The weather here on Thursday evening was a bit odd - periods of thick fog alternating with cold clear spells. I got the scope set up early and while waiting for the longer clear bits I used the odd short bits of good visibility to get good focus and tracking. Oh, and to fight the battle against condensation on the kit.
Some time after midnight the fog lifted and everything was clear and still, not a breath of wind and the seeing was brilliant. All of the condensation froze within minutes. Undeterred by the layer of ice on the kit, I had a good look at Mars before nabbing some webcam footage of it. Visually, I'd never seen it so good - the polar cap was really bright and the planet was almost motionless, unlike the previous Mars session when the thing was moving around like a demented Morris Dancer. I spent a good hour or so just studying the surface detail, something I've never been able to do before. Here's some of that webcam footage after selecting a 256x256px region of interest around the planet:
Soon it was time to move on. I changed the eyepiece setup and this caused some melting of the ice on the kit. Figuring that it would be best to let the temperature settle down a bit I nipped in for a cuppa and then sat outside for twenty minutes watching a fair few meteors blazing across from East to West - they were mostly Geminids but there were a few others up there. I did contemplate setting up the D50 with the 35mm prime in order to get some images, but the camera was by now well-frozen and I wasn't going to risk trashing the mechanics inside the lens.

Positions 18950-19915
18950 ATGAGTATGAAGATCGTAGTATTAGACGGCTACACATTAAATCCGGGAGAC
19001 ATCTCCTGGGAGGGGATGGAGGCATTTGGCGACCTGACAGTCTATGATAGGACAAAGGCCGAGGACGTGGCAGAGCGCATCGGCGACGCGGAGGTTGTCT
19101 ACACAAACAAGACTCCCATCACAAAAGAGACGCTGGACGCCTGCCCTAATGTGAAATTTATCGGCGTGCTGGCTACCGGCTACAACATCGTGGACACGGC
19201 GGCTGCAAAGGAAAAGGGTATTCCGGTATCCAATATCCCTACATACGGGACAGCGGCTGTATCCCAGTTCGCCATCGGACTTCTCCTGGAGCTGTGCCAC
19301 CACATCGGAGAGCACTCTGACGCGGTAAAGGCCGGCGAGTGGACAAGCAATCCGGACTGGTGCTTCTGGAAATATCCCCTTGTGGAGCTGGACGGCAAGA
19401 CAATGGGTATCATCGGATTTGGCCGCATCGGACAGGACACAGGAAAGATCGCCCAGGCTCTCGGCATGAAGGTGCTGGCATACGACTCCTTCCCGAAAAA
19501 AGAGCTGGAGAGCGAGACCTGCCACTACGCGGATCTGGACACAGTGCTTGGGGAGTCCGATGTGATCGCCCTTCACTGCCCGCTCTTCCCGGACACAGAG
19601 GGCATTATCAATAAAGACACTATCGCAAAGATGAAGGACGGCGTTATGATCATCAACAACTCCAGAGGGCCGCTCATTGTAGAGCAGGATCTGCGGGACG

When all was settled I slewed the scope around to Saturn, which had risen to a reasonable height above the horizon. It looked a bit dimmer than I've seen it before but I could still see the rings, not far past being edge-on. A couple of dim moons were visible but not much else. I grabbed a fair few avis with the webcam but they didn't look much good.
After another half-hour of visual, watching Saturn and some more meteors, the fog returned. This time it was thick, freezing, and obviously here to stay. I ended the session and closed the obsy roof. The next hour was spent mopping up meltwater from the kit and from the underside of the roof. I returned to the house at 06:00 vowing to get a cheap dehumidifier in the post-Christmas sales.
Anyway, I did some preliminary processing of the Mars data and sent the pics to a learned friend. He's confident that he's identified the surface features correctly, and pointed out the tiny clouds in the vicinity of Olympus Mons. He also reckons that the colours are fine, but I'm not so sure:
Again, you'll have to wait for me to find time to process the Saturn data.
I'll finish with a reminder - don't forget that Geminid meteor shower.